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Assessment of Approaches for Using Process Safety Metrics at the Blue Grass and Pueblo Chemical Agent Destruction Pilot Plants 3 Review and Assessment of Process Safety Incidents at Other Chemical Demilitarization Sites Although the processes to be employed for disposal of chemical munitions at the Pueblo and Blue Grass Chemical Agent Destruction Pilot Plants (PCAPP and BGCAPP) are fundamentally different from those used at earlier chemical agent disposal facilities and vary somewhat among themselves, many similarities exist within and among the processes employed at all of the disposal facility sites. Prominent examples of similarities shared by the incineration sites and PCAPP and BGCAPP include the use of rocket shear machines (at sites where M55 rockets have been stored), thermal decontamination of metal parts, and methods used for waste treatment. The committee believed that evaluating documentation from those other sites concerning process incidents, any process safety metrics used, and process hazards could prove useful and would offer guidance on what process safety metrics might be useful for PCAPP and BGCAPP. Although none of the other chemical agent disposal facilities employed formal process safety metrics, the committee believed that an analysis of chemical events that occurred at those sites could provide insights into those process steps that are most subject to failure and might identify opportunities where the use of leading and lagging metrics could help to prevent failures.1 Thus, there are aspects of the operations of even the baseline incineration facilities that could be useful for deriving process safety metrics for use at PCAPP and BGCAPP. The National Research Council Committee on Evaluation of Chemical Events at Army Chemical Agent Disposal Facilities (the chemical events committee) reviewed all of the chemical events that had occurred since the commencement of destruction operations through the end of 2001, totaling 81 process and non-process-related incidents at that time. The chemical events committee issued its report, Evaluation of Chemical Events at Army Chemical Agent Disposal Facilities, in 2002. This committee reviewed that report to identify which of the events could be classified as process incidents.2 Interestingly, the chemical events committee found that the causal factors underlying those events were not process related but were independent of any specific process. The chemical events committee’s analysis of causal factors is summarized in Table 3-1. The following definitions extracted from the report on chemical events apply to the terms used in the tables in this chapter: Standard operating procedure (SOP) deficiencies refer to nonexistent SOPs, inadequate SOPs, or SOPs being circumvented or ignored as a routine operating practice. Equipment malfunction refers to the failure of equipment to function as designed but does not include design deficiencies. Such failures range from the simple tearing of waste bags to breakdowns of critical instrumentation such as flow-meters and sensors. 1 “Leading metric” and “lagging metric” are defined in Appendix A. 2 An “event” is any off-normal occurrence. A “process safety incident” is defined in Appendix A.
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Assessment of Approaches for Using Process Safety Metrics at the Blue Grass and Pueblo Chemical Agent Destruction Pilot Plants Design deficiency applies to equipment or facilities found to perform their operating functions inadequately as a result of poor design. Unexplained human error refers to human actions that were wrong for no reason recorded in the investigation reports or for which there is no apparent explanation. One example is when an operator assembled a piece of equipment incorrectly. Mindset refers to the mental attitude people have about the process of disposal and the state of the system during processing. One example is when a person assumes an agent alarm is false because of a historical pattern of frequent false alarms. Improper technique refers to a manner of performing tasks that causes either a hazard or a malfunction. An example is using equipment for purposes other than those dictated by design. Failures of communication refer to failure to communicate essential information, failure to heed communicated information, and inadequate communications systems. This committee requested an update on process-related chemical events from all operating sites and the two sites that completed destruction since the end of 2001. In all, 147 events were reported to the committee,3 of which 26 were reviewed by the chemical events committee in 2002. This committee evaluated the remaining 121 incidents for frequency of event type, process activity involved (e.g., maintenance, waste handling, weapons transfer, and agent transfer), consequence, and causal factors. The frequencies of incident types, activities, and causal factors mirror those that were noted in the 2002 Chemical Events Report. A summary of the causal factors for these 121 events is presented in Table 3-2. “SOP deficiencies” was the most frequent causal factor, followed by “equipment malfunction” and “human error.” Significantly, almost all of the events were noted to have had multiple causal factors, as is evidenced by the fact that 215 causal factors were identified for 147 events (also see notes to tables). The activities that had the most incidents and events were maintenance and waste handling. Thirty-one events happened during waste handling, including hydrolysate transfers and spills. Twenty-two events TABLE 3-1 Frequency of Causal Factors in the 81 Chemical Events Reviewed by the Chemical Events Committee in 2002 Causal Factor Number of Times a Causal Factor Was Identified Percentage of Instances of Causal Factors SOP deficiencies 30 29.4 Equipment malfunction 12 11.8 Human error 7 6.8 Design deficiency 16 15.7 Mindset 15 14.7 Improper technique 12 11.8 Failure of communication 10 9.8 102 100.0 NOTE: There is not a 1:1 correspondence between chemical events and instances of causal factors. Most events involved more than one causal factor, and for some events, it was not possible to determine causal factors. TABLE 3-2 Frequency of Causal Factors in the 121 Events at Chemical Agent Disposal Facilities Since 2001 Causal Factor Number of Time a Causal Factor Was Identified Percentage of Instances of Causal Factors SOP deficiencies 31 27.4 Equipment malfunction 29 25.7 Human error 29 25.7 Design deficiency 6 5.3 Mindset 6 5.3 Improper technique 7 6.2 Failure of communication 5 4.4 113 100.0 NOTE: There is not a 1:1 correspondence between chemical events and instances of causal factors. Most events involved more than one causal factor, and for some events, it was not possible to determine causal factors. happened during maintenance activities. Only two incidents happened during munitions transfer and two during agent transfer; however, not all agent transfer incidents were tabulated. Twenty-five incidents occurred in the rocket shear machine, but the causes of 21 of these were not, or could not be, assigned. In summary, it appears that the frequency, types, and causal factors of process safety events in chemical agent disposal facilities could not be correlated with the type of facility (neutralization or incineration), type of chemical weapon (blister agent or nerve agent), or how 3 Personal communication between Carl Anderson, ACWA, and James Myska, BAST Senior Research Associate, on July 20, 2010.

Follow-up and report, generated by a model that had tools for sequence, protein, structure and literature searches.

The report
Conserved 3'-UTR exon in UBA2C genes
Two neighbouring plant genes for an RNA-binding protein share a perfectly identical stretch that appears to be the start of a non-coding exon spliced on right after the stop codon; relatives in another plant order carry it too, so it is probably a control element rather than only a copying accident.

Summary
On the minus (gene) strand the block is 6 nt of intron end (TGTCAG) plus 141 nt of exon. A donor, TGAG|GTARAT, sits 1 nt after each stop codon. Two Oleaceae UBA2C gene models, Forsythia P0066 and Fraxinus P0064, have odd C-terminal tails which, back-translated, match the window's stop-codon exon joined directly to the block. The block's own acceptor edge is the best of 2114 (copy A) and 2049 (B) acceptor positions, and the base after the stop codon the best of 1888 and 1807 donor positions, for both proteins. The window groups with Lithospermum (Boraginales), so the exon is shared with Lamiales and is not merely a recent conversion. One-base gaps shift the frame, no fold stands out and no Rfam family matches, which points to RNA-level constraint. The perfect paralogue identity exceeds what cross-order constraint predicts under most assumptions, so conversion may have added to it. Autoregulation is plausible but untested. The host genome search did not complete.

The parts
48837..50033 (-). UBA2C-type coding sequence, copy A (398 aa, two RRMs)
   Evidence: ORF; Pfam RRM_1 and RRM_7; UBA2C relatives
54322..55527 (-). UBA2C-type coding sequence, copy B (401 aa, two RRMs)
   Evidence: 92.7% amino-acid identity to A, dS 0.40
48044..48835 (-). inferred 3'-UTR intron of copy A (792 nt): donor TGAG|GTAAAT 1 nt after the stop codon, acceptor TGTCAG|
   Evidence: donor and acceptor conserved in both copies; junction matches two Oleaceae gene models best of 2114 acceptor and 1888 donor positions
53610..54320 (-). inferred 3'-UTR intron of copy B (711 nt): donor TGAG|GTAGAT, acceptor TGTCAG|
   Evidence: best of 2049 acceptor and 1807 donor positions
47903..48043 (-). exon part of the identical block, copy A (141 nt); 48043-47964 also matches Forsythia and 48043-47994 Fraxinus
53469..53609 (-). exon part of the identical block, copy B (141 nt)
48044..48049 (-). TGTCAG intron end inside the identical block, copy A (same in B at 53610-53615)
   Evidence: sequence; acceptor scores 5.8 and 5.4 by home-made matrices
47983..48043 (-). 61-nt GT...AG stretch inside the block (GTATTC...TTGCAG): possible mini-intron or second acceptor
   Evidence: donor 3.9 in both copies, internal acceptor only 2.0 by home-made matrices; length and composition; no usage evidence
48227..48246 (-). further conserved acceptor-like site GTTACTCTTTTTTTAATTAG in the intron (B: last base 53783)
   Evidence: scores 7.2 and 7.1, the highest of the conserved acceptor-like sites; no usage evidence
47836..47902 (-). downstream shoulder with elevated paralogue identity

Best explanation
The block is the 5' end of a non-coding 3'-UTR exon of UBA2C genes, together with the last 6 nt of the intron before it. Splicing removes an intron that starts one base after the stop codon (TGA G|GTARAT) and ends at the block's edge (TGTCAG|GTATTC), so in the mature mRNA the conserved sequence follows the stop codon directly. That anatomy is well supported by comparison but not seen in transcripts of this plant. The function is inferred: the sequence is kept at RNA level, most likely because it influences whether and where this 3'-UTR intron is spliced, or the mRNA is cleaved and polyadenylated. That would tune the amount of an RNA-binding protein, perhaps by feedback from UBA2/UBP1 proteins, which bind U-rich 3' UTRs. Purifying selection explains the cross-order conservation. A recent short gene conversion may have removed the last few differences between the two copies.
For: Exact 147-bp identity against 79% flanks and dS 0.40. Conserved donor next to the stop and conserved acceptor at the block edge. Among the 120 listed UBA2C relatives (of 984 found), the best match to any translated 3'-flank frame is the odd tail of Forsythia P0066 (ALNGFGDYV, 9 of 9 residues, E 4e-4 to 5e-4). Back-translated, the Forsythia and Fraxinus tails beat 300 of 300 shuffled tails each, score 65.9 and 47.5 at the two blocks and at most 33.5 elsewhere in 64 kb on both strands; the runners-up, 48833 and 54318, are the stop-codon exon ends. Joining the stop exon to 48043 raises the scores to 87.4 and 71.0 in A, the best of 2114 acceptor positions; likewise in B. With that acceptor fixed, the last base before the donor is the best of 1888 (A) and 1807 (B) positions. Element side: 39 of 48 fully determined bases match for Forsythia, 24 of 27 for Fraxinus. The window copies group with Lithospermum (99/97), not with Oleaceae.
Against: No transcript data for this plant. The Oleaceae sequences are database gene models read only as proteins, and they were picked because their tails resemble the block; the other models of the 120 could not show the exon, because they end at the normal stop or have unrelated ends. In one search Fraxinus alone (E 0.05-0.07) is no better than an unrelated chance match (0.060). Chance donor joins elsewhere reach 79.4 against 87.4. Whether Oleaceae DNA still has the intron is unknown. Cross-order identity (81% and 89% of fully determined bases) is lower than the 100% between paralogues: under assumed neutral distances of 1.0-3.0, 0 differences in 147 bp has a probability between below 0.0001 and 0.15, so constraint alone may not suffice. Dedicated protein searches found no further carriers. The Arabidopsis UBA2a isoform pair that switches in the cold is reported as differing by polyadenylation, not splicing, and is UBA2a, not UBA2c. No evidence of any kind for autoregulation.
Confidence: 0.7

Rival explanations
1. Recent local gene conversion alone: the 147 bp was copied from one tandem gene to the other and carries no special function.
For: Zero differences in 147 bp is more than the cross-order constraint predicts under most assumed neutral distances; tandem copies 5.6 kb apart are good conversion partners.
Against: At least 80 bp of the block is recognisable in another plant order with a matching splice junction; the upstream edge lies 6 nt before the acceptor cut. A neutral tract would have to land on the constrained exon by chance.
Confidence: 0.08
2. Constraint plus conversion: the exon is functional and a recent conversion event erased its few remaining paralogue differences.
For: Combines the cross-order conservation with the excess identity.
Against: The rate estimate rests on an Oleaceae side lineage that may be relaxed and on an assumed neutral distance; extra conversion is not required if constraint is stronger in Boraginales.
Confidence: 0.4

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Assessment of Approaches for Using Process Safety Metrics at the Blue Grass and Pueblo Chemical Agent Destruction Pilot Plants the agent is stored (in assembled munitions or bulk storage). Consequently, PCAPP and BGCAPP can reasonably expect to experience the same types of events with similar causal factors. Because of the unique nature of the processes to be employed at PCAPP and BGCAPP, however, and the extensive use of first-of-a-kind equipment, it may be reasonable to expect more events in the early part of operations and, based on the data in Tables 3-1 and 3-2, a shift in the relative proportion of causal factors. For example, design deficiencies might be more prevalent in new facilities than in older or second-generation facilities. Finding 3-1. The causal factors involved in past events at chemical agent disposal facilities are not process specific. Consequently, the Pueblo Chemical Agent Destruction Pilot Plant and the Blue Grass Chemical Agent Destruction Pilot Plant can reasonably be expected to experience the same types of events having causal factors similar to those experienced at the Chemical Materials Agency sites. Also, there may be an increase in the frequency of events and a shift in the relative frequency of causal factors. Causal factors for process safety events are discussed further in Chapter 4. REFERENCE NRC (National Research Council). 2002. Evaluation of Chemical Events at Army Chemical Agent Disposal Facilities. Washington, D.C.: The National Academies Press.